European Journal of Philosophy 19 (2):224-261 (2011)

Authors
Beatrice Han-Pile
University of Essex
Abstract
Abstract: This paper identifies two central paradoxes threatening the notion of amor fati [love of fate]: it requires us to love a potentially repellent object (as fate entails significant negativity for us) and this, in the knowledge that our love will not modify our fate. Thus such love may seem impossible or pointless. I analyse the distinction between two different sorts of love (eros and agape) and the type of valuation they involve (in the first case, the object is loved because we value it; in the second, we value the object because we love it). I use this as a lens to interpret Nietzsche's cryptic pronouncements on amor fati and show that while an erotic reading is, up to a point, plausible, an agapic interpretation is preferable both for its own sake and because it allows for a resolution of the paradoxes initially identified. In doing so, I clarify the relation of amor fati to the eternal return on the one hand, and to Nietzsche's autobiographical remarks about suffering on the other. Finally, I examine a set of objections pertaining both to the sustainability and limits of amor fati, and to its status as an ideal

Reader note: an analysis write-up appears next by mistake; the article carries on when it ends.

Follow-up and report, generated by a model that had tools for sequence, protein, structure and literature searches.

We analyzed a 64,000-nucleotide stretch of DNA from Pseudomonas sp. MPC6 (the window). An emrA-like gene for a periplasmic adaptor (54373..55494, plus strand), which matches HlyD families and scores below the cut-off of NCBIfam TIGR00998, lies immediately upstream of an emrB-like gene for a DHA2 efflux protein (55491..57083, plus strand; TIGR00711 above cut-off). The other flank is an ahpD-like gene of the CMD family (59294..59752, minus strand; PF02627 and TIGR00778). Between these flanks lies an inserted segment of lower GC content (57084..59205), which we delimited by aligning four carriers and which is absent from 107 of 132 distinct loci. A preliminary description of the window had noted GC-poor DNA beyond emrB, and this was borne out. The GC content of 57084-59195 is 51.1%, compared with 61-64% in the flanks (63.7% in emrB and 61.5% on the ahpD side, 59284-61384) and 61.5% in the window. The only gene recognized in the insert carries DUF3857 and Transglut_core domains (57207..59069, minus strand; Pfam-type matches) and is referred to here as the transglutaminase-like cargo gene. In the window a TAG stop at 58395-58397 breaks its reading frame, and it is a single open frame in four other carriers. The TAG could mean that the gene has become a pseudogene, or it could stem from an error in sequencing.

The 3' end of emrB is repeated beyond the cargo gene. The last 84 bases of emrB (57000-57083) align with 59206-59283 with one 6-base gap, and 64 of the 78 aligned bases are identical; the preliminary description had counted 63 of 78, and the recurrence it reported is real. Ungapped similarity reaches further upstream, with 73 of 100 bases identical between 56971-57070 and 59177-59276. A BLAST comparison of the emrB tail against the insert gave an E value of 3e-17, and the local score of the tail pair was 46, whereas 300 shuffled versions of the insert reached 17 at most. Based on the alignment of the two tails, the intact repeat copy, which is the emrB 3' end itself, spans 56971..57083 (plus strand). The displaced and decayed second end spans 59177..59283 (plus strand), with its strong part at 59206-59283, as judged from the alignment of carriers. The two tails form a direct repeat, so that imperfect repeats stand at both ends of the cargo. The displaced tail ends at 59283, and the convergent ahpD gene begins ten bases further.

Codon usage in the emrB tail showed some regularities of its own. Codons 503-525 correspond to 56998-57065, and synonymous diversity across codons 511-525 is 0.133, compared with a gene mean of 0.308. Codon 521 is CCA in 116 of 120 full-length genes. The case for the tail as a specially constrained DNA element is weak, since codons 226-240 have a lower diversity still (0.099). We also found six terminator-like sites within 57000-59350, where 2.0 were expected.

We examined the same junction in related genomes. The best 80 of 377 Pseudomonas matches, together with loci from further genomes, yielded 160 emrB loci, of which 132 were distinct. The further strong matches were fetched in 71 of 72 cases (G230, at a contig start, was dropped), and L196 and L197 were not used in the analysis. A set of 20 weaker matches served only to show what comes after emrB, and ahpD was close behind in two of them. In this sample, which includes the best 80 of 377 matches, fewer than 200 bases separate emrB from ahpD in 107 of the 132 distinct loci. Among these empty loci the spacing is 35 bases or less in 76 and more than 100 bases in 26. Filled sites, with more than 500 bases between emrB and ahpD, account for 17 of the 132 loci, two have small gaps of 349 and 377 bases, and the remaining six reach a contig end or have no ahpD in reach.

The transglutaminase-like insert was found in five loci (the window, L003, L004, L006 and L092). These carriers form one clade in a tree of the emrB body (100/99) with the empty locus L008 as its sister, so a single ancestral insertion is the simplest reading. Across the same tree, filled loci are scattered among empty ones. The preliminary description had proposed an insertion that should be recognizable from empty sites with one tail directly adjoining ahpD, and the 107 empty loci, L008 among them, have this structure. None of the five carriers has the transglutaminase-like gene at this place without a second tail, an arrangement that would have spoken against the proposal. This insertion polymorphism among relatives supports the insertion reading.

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DOI 10.1111/j.1468-0378.2009.00380.x
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References found in this work BETA

Upheavals of Thought.Martha Nussbaum - 2001 - Journal of Religious Ethics 31 (2):325-341.
Self-Deception Unmasked.Alfred R. Mele - 2001 - Princeton University Press.
Philosophical Papers.J. L. Austin - 1961 - Oxford University Press.

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Citations of this work BETA

Hope, Powerlessness, and Agency.Béatrice Han-Pile - 2017 - Midwest Studies in Philosophy 41 (1):175-201.
Freedom as a Philosophical Ideal: Nietzsche and His Antecedents.Donald Rutherford - 2011 - Inquiry: An Interdisciplinary Journal of Philosophy 54 (5):512 - 540.
‘The Doing is Everything’: A Middle-Voiced Reading of Agency in Nietzsche.Béatrice Han-Pile - 2020 - Inquiry: An Interdisciplinary Journal of Philosophy 63 (1):42-64.
Practice Theory and Conservative Thought.Michael Strand - 2019 - History of the Human Sciences 32 (5):108-134.

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